Yearly Archives: 2017


Happy Earth Day! Our neighbours at the Central Kootenay Invasive Species Society wrote this fantastic blog piece, so we thought we’d share (see original blog post at the CKISS website):

Earth Day started in the US on April 22, 1970 as an idea for a nation to focus on the environment. Today 192 countries and 1 billion people partake in Earth day events, a day of action that encourage change in human behavior in order to create a healthy and sustainable environment.

Make yourself part of the movement by preventing the spread of invasive species. Invasive species can out compete native species for resources and space drastically lower the biodiversity of the ecosystem. Humans are the #1 way invasive species spread by ‘hitchhiking’ onto watercraft, clothing, vehicles and even your pet! Simple actions listed below are a free and easy way to protect the native plants and animals found in your backyard.

1. Clean, Drain, Dry

  • Clean all plants, animals, or mud from watercraft & related equipment
  • Drain any water onto land
  • Dry all items completely

Press release 13

2. Be PlantWise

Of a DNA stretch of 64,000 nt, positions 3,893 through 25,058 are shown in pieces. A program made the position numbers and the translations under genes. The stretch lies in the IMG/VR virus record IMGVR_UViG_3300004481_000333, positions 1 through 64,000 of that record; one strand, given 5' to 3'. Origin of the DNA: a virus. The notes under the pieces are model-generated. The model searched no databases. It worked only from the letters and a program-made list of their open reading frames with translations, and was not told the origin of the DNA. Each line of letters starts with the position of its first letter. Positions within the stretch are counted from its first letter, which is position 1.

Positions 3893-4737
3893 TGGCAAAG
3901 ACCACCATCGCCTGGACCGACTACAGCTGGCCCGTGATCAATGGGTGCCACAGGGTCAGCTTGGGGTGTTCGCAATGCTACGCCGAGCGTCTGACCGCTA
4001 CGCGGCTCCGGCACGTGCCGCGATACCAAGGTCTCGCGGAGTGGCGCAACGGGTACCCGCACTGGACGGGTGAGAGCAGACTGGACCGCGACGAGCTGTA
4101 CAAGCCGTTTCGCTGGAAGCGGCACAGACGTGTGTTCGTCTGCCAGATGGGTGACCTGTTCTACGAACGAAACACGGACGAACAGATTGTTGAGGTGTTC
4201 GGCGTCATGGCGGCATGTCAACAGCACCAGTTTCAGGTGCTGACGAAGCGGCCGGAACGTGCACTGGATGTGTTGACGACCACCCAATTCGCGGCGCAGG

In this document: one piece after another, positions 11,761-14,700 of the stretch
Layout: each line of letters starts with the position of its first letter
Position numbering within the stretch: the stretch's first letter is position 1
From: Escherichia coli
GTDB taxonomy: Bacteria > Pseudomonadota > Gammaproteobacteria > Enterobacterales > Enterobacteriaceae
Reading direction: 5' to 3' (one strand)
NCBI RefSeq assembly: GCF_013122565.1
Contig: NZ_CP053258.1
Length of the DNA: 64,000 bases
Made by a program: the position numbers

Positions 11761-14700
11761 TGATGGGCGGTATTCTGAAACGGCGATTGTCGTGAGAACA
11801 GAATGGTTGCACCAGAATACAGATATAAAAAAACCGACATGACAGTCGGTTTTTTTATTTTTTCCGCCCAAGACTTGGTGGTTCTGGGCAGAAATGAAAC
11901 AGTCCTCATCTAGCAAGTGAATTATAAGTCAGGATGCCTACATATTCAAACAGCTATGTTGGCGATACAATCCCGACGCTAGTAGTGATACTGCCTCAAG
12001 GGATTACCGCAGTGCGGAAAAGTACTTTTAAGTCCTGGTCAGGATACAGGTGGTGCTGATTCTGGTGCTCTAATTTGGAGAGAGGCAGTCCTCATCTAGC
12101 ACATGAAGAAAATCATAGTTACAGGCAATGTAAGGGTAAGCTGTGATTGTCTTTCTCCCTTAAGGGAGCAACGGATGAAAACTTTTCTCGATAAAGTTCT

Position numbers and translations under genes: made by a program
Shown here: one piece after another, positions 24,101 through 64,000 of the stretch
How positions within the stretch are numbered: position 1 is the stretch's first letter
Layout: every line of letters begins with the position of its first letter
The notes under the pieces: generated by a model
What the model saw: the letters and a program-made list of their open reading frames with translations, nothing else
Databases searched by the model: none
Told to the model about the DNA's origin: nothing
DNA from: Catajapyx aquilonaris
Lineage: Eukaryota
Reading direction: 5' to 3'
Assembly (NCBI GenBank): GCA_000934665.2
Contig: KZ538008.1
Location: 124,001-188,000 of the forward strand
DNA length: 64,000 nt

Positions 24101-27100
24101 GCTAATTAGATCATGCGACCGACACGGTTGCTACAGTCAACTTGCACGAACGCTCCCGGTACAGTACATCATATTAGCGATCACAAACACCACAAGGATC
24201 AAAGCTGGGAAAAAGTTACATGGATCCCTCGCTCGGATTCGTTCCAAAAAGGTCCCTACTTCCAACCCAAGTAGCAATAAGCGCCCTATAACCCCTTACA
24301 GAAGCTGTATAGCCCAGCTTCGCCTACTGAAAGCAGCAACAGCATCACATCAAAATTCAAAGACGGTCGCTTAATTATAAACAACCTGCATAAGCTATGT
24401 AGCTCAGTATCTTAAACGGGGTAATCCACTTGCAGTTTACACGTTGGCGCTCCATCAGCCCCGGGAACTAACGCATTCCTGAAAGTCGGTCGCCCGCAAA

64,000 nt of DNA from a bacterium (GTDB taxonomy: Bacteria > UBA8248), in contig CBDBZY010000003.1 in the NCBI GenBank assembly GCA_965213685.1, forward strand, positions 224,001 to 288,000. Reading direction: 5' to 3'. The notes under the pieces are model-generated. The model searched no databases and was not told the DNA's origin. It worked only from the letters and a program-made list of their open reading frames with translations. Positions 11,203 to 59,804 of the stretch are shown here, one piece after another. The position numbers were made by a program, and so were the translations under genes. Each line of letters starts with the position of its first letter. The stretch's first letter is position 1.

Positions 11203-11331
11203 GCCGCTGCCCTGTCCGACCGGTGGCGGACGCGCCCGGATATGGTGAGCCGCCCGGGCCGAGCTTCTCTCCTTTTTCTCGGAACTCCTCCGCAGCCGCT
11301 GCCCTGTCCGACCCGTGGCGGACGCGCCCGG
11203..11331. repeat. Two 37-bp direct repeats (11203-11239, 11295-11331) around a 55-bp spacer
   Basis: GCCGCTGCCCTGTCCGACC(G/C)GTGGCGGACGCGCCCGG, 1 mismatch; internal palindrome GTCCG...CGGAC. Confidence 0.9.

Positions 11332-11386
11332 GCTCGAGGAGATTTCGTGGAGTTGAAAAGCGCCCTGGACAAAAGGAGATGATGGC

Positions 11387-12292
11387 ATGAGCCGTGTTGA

• Choose non-invasive plants for your garden
  • Remove invasives from your garden
  • Avoid wildflower seed mixes

PW mobile phone circle graphic

3. Dispose of garden waste properly

  • Do not dump garden waste in public parks, natural areas, and roadsides
  • All landfills within the CSRD accept invasive plant species for deep burial (fees). Ensure your material is bagged in clear plastic bags and notify the attendant that you have invasive plant species
  • NEVER compost invasive species
  • NEVER put invasive species into CSRD Yard Waste (Deep Burial at landfill instead)

4. Clean off ALL your recreation equipment….Play Clean Go

  • Remove mud & plant parts from gear, boots, pets & vehicles
  • Arrive at the trailhead and recreation site clean
  • Stay on trails



5. Report- A-Weed

  • Know and report the high priority species in your region
  • Download the free APP at:



The Columbia Shuswap Invasive Species Society has updated the Priority Plant List for the Columbia Shuswap Region after consultation with land managers at our February 23rd meeting.

The updated Priority Plant List can be viewed here: CSISS Priority Plant List 2017

The updated CSISS Operational Plan can be viewed here: CSISS Operational Plan

Other CSISS reports and resources can be found here: CSISS Resources

CSISS is pleased to offer FREE Invasive Plant ID and Management Training Workshops.
This course covers everything from identification of key invasive plants in your area, to implementing best management practices in the field to prevent the spread of invasive species.To learn more and register e-mail:

May 2, 2017: Salmon Arm BC. 10am- 12pm. CSRD Office: 555 Harbour Front Dr NE
May 10, 2017: Revelstoke BC. 10am- 12pm OR 1pm- 3pm Revelstoke Community Centre
May 11, 2017: Sicamous BC. 10am- 12pm District of Sicamous Public Works at 1450 Solsqua Rd.
Late May TBD: Golden BC. Golden Arena Lounge.

Check out other CSISS spring and summer workshops and events at: